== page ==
Would a Chinese Norton be that bad ?

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Back to Chinese bikes then...... I crossed the road to look at a Chinese AJS the other day
as it was rather interesting. Not a Norton, but AJS were part of NVT.
Does that get us back on track?
 

Voodooo

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Well, I think HD is trying very hard to catch-up with the rest of the m/c industry.
It involves them realizing that they need competitive modern designs to be relevant in the future market.
The new line of DOHC V-twins is evidence of this.
HD also spent a great deal of cash on their e-Bike to try and beat the rest of the brands to the market place.
I think the fear of God has landed in the HD board room, and the company is now desperate to revamp their product line and image.
Stay tune.
They’re failing miserably
 

Voodooo

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Hey Guys , I thought I told you that HD XR1200 is a great handling motorcycle ? It can really be hustled through the twisties ! Good looking too !

As long as you’re happy with your purchase that is all that matters Tony.

But myself, I would never step foot into a HD. At least not unless they start offering something more appealing to “me”.
 
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Had a few H-D's over the years, enjoyed each one for it's own merits. Looking back the prime reason for sale came down to the physical weight. Not all of them got sold, kept this one, but even for a sportie it is no lightweight...

 
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I have never had interest in owning/riding a HD. I pretty much just ride with other Italian sport bike owners, so I'm not into the whole HD culture. If I were interested in a cruiser style bike, I would get a Moto Guzzi Eldorado. If I were interested in a power cruiser, I would look at a Ducati Diavel or Moto Guzzi Audace. If forced to ride an American made bike, I guess it would be an Indian FTR 1200S.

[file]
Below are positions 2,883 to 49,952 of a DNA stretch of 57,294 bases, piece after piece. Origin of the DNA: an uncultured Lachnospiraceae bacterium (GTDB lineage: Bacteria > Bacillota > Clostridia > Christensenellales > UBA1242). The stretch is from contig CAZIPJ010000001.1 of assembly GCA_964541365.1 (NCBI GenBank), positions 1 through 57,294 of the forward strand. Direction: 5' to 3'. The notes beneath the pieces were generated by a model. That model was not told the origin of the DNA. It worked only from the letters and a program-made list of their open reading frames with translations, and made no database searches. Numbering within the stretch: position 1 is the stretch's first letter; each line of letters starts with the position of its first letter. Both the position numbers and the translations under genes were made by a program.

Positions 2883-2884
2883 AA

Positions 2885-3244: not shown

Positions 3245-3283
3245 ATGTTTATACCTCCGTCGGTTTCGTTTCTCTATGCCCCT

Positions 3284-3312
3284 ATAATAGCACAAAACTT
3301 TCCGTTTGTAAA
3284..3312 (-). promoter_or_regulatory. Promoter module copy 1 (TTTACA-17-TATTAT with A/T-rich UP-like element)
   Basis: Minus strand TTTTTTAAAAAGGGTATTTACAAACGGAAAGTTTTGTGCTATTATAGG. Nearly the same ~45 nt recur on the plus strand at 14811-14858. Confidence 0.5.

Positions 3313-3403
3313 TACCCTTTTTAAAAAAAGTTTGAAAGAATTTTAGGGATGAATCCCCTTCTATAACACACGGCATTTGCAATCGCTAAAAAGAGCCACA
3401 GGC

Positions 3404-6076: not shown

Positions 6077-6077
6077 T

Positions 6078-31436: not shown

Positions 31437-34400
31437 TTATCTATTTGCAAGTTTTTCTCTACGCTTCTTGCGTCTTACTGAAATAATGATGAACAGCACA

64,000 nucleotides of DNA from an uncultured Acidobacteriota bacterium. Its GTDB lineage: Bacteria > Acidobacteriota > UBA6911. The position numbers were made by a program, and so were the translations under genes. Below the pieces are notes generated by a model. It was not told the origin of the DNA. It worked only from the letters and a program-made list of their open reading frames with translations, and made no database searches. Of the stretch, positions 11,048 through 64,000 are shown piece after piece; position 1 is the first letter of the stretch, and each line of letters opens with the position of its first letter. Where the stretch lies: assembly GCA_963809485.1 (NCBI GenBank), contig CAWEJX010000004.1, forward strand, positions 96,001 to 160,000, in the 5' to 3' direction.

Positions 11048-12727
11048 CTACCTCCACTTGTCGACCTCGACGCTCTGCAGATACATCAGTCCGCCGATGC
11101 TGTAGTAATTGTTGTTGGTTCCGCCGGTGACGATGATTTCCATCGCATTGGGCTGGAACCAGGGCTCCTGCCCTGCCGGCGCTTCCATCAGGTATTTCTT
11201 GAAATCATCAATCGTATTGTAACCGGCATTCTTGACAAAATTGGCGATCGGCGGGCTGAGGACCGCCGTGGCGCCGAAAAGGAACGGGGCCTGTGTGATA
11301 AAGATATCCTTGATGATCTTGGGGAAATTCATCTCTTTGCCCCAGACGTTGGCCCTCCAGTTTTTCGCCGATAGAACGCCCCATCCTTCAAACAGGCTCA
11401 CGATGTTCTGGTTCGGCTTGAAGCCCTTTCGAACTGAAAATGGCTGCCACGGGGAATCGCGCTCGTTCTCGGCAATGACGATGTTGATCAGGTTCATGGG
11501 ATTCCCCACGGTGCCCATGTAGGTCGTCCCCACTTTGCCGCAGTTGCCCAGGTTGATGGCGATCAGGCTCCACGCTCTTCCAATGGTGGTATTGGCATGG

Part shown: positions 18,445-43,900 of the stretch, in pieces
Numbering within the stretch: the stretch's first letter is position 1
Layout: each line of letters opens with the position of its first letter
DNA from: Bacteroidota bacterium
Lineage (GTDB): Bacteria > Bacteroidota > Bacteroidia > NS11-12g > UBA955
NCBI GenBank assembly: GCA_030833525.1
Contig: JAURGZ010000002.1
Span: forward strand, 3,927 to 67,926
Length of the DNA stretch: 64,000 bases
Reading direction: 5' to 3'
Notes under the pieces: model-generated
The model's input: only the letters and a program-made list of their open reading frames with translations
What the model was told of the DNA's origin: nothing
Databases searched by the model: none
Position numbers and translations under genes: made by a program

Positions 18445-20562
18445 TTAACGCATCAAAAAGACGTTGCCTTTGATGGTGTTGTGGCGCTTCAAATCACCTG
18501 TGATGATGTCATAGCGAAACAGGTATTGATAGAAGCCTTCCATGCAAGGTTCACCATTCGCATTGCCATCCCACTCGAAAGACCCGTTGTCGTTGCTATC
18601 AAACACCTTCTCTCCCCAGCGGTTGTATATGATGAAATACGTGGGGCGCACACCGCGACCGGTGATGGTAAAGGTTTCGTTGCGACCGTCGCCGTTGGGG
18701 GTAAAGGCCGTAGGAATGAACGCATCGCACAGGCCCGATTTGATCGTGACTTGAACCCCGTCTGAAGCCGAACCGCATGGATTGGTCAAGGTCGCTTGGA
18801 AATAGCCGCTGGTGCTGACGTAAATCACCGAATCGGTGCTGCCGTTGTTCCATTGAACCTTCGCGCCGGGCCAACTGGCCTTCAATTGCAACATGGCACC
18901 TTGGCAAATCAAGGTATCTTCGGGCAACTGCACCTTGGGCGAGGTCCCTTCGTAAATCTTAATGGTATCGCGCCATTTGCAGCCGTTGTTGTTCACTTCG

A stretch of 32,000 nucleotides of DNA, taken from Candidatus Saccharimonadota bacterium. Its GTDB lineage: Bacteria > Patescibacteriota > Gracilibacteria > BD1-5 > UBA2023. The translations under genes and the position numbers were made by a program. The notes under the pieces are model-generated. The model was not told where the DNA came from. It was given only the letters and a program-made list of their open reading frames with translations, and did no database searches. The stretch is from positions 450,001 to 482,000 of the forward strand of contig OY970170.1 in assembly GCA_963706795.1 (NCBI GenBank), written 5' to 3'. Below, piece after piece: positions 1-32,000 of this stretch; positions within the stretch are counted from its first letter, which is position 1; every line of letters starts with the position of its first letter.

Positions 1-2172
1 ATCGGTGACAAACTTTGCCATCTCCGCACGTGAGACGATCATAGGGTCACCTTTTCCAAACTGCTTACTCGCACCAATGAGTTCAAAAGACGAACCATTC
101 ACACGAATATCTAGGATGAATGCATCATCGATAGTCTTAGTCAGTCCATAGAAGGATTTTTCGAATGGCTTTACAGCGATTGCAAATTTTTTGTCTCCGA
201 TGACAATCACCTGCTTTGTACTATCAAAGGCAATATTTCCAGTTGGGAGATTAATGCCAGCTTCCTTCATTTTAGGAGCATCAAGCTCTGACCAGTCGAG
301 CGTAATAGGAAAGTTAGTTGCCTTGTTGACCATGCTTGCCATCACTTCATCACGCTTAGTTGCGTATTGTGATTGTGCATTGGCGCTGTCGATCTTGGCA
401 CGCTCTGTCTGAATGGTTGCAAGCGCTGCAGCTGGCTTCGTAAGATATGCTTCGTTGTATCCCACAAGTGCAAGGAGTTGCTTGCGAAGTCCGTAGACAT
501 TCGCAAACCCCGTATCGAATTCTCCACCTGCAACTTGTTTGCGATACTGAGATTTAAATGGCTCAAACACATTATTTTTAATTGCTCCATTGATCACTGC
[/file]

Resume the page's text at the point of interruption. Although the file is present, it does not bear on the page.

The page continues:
And I can't see myself ever really buying a bike assembled in Asia - China, Japan, Thailand, etc. Maybe they'll all eventually be assembled there, who knows. But for now, I like knowing my bikes were assembled in Italy and England
 
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I also disagree with corporations that send business to China. Sorry but that’s how I feel. I’m happy to pay more for something just because it says made in xxxxxx and not China.
It’s not all about animal welfare though guys is it ?

I think we’re missing what’s most obvious in this discussion. I can’t speak for everyone of course, but I doubt I’m speaking only for myself as well...

Surely a huge part of the reason for buying bikes like the Norton, and many other similar types, is as some kind of kick back against the corporate, homogenised, mass consumer driven dull conformist society that we’ve become?

Surely, even as a bunch of sad old men, there’s something in us that bikes like the Norton trigger?

It’s different, it’s raw, it’s an exciting visceral, mechanical, experience that pokes one in the eye of modern dullness.

It’s like comparing cooking on a campfire in the mountains, to popping some homogenised, tasteless, plastic packet food into the microwave !

So, frankly, how good a Chinese Norton may or may not be is entirely missing the f***ing point!

It would just be another mass produced homogenised microwave motorcycle !

So, to answer the original question: yes, a Chinese Norton would be absolutely bloody awful.

And for that reason, I’m fucking out !

I agree in the sense that I think most people bought 961's because they're British, exclusive and although certain niggles are to be expected with a hand built bike, that's generally accepted as part of the character. What is also to be expected though is a level of quality and attention to detail higher than any mass produced machine, something that's never going to happen with incomplete development and the use of fake components - courtesy of SG I believe.

Where I do disagree is that a mass produced bike can't be exciting to own and to ride - wasn't the original Commando a mass produced machine? - and a very successful one at that.
Having said all this, if the Chinese, by some stroke of magic, made an exciting visceral bike that "pokes one in the eye of modern dullness" - then, for reasons previously posted, I still wouldn't buy it!!